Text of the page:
Safeguarding the Sunda Pangolin: RER’s Commitment to Wildlife Protection and Conservation

This article is an adaptation of “Safeguarding the Sunda Pangolin: RER’s Commitment to Wildlife Protection and Conservation”, published in Jakarta Globe ( Changes include rewriting some of the passages and adding original materials.

Illegal hunting and wildlife trade remain the main factors contributing to the endangerment of numerous species, including the Sunda Pangolin. This mammal, belonging to the pangolin family, is native to Southeast Asia, including Indonesia, Brunei, Cambodia, Laos, Malaysia, Myanmar, Singapore, Thailand, and Vietnam.

The International Fund for Animal Welfare reports that pangolins are the most trafficked mammals globally, driven by the demand for their scales and claws in traditional medicine, while their meat is considered a delicacy in some Asian countries and consumed as bush meat in certain African countries.

In addition to being victims of illegal trade, pangolins play a vital role in the ecosystem. They regulate the insect population and protect forests from termite destruction. Their digging action while feeding helps loosen and aerate the soil, distributing oxygen and essential nutrients that benefit the surrounding biodiversity.

The Sunda Pangolin stands out with its unique physical characteristics. Its body is covered in hard, keratin scales, which make up about 20 percent of its body weight. When threatened, it can curl into a ball, using its overlapping scales as protective armour against predators. Despite having poor eyesight, this solitary mammal relies on its strong sense of smell and powerful claws to locate ant nests and termite mounds for food.

When in danger, Sunda Pangolin can roll into a ball, exposing only the tough scales for protection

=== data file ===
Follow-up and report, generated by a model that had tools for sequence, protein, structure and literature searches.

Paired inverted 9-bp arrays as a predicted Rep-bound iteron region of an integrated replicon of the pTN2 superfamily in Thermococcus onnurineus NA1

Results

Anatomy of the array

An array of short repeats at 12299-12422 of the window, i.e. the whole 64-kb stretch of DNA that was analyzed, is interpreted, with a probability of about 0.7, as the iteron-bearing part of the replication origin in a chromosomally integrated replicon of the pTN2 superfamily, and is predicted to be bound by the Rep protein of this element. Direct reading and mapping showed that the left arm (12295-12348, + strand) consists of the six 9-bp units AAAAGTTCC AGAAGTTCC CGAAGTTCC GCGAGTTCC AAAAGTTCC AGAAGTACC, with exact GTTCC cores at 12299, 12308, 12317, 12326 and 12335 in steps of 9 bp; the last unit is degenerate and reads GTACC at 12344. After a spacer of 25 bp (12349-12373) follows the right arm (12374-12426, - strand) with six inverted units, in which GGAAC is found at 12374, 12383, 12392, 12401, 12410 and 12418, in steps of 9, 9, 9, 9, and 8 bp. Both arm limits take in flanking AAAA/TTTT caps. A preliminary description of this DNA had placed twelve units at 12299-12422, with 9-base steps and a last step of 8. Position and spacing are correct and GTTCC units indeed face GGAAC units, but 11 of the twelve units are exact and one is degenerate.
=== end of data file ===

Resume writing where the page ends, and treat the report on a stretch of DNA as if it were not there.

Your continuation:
Restorasi Ekosistem Riau (RER), the largest ecosystem restoration project in Sumatra, plays a crucial role in conserving the Sunda Pangolin (Manis Javanica), also known as Trenggiling Peusing in Indonesia. 

The RER area within the Kampar Peninsula has identified the presence of the Sunda Pangolin, one of the 78 mammal species found there. Classified as critically endangered (CR) by the International Union for Conservation of Nature (IUCN), it is one of the two critically endangered mammals in the RER area.

Initiated by the Riau-based fiber, pulp, and paper producer APRIL Group in 2013, RER is committed to protecting, restoring, and conserving peatland ecosystems, maintaining carbon stocks, and preserving biodiversity within a 150,693-hectare concession in Kampar Peninsula and Pulau Padang, Riau Province, equivalent in twice size to Singapore. Through continuous monitoring using camera traps, ground patrols, and systematic surveys, the RER program keeps track of the level of biodiversity and wildlife count in the area.

“Protecting the forest and its majestic animals, including the Pangolin, is one of the key aspects of RER’s ecosystem restoration efforts,” Nyoman Iswarayoga, Director of External Affairs at RER, said.

“As of 2022, we have recorded the presence of 846 species in RER, and in doing so, we closely collaborate with the government, NGOs, and stakeholders to support the conservation of endangered species in Indonesia,” Nyoman said.

In line with their commitment to wildlife protection, APRIL, through RER, strengthens its partnerships and collaborations to support the conservation of endangered species in Indonesia. This commitment was launched as part of the APRIL2030 initiative in 2020. 

‘Love the Sunda Pangolin’ sculpture on display at Gardens by the Bay

Lately, the importance of Sunda Pangolin in our ecosystem is demonstrated by the international sculpture exhibition at Gardens by The Bay, Singapore. The exhibition depicts an animal march with 62 of the world’s most endangered species, including Sunga Pangolins.

Love the Last March is the world’s longest bronze sculpture at 192 meters in length. These bronze animal sculptures will stay in Gardens by The Bay until May 2024. At that exhibition, APRIL is taking part in the exhibition by sponsoring the two Sunda Pangolins, called Atan Gulong and Seri Manis.